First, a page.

Children have been in school for awhile. How much recess are they getting? Is their school day overly organized? Are they getting pretend recess–physical education, or some canned program from a digital device?
How many principals are tricking parents into thinking their children are getting real recess?
Even preschool parents need to ask this question. There’s been an escalation of micromanaging and technology when it comes to our youngest learners!
Many parents pleaded and fought with legislators and school administrators to get a mere 20 minute break for their children in school. But recess should be a child’s right—a break from schoolwork and time to socialize and play on the playground.
There should be several recess breaks a day. To not give children recess is tantamount to child abuse!
Many strange claims of recess have popped up—most which have not been recess at all.
- Nonprofit groups like Shape Up America and Playworks are P.E. programs disguised as recess.
- Getting children to meditate or do mindfulness. Om. Not Recess.
- Letting children sit on bouncy balls while they work. Please!
- Children playing digital games like Brain Breaks. Go Noodle, Leap Band, and moving a joystick. No!
Some of these activities may be fine on their own, but they are not recess!
Non-Profit Phys. Ed.
I have already written about money making groups that go into schools to organize children for physical education activities. This is sneaky school privatization.
Phys. ed. is important in its own right, and there are plenty of good P.E. teachers to teach these classes.
But no matter whether it’s a nonprofit, or a legitimate physical education class, these programs involve organized play. Adults tell children what to do.
This is not recess.
Technology Taking Over Play
Some students get to play activities tied to a screen, Brain Breaks is popular. Likewise, with Go Noodle, students watch and follow an activity video in class. This sounds fun. Children learn to follow directions. They get exercise. There’s nothing wrong with that. But it’s not recess.
Children don’t have to imagine or reflect on anything creative. There’s no interaction with other children based on the child’s choice. They have no choices to make on their own.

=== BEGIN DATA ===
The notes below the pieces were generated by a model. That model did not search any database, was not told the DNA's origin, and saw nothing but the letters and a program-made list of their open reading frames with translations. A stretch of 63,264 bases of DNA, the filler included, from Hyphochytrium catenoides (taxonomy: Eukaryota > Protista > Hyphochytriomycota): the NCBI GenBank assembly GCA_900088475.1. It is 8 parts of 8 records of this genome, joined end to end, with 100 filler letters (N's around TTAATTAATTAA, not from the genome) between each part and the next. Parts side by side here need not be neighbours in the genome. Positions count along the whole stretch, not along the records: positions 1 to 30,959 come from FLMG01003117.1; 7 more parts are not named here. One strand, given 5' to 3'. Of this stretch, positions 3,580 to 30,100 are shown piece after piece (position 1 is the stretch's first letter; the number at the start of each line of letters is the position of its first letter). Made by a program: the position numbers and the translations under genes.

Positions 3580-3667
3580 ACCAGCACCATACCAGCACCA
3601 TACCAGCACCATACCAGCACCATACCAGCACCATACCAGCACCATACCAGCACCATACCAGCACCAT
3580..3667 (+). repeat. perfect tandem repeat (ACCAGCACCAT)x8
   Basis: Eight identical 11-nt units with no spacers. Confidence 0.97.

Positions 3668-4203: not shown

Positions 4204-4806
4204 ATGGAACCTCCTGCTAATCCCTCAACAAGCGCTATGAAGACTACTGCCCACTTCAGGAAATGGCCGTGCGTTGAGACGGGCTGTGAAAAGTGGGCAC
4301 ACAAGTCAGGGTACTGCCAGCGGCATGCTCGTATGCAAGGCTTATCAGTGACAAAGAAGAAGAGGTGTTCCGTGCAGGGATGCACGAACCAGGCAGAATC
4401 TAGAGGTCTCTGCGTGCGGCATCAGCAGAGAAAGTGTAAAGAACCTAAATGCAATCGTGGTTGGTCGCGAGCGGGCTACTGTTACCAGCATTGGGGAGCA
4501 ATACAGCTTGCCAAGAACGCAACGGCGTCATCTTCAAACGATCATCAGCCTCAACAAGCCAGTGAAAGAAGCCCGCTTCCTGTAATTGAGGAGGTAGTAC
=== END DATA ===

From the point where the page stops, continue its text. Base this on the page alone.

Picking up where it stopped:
Another digital device is Leap Band, a wrist gizmo for preschoolers to get them to follow directions and get active. It’s called a “customizable pet band.” The child wears it like a watch, and animals pop up to tell them “hop like a frog” or “jump like a kangaroo” et cetera.
It tracks a child’s progress, because you know parents and teachers like to keep track of how many hops children do each day. O.K. Maybe children like to keep track of that.
It’s implied that it will get them away from the screen and give them a break. If preschoolers are so engrossed in online viewing they need another digital device to distract them—maybe it’s time to worry.
Leap Band is a part of Leap Frog materials, which include Leap Frog Academy, which is interactive tech material for students ages 3-6.
It might be fun for a child, but it is by no means free play.
All the Leap Frog stuff was acquired by Knowledge Universe, owned, in part, by Michael Milken (as in “junk bond conviction”) who has been a part of K12 Online Learning and other bad tech stuff in education.
Play is What Teaches
All of the above don’t get children thinking on their own. What the adults who deny children recess and free play don’t understand, recess involves a child using their own brain to think. Any structured activity, while it might have its own benefits, strips a child from this ability.
When children are told what to do and how to do it, they lose their right to be children.
Recess is not really recess.
So, what kind of recess are children getting this year? How much? And is it really recess?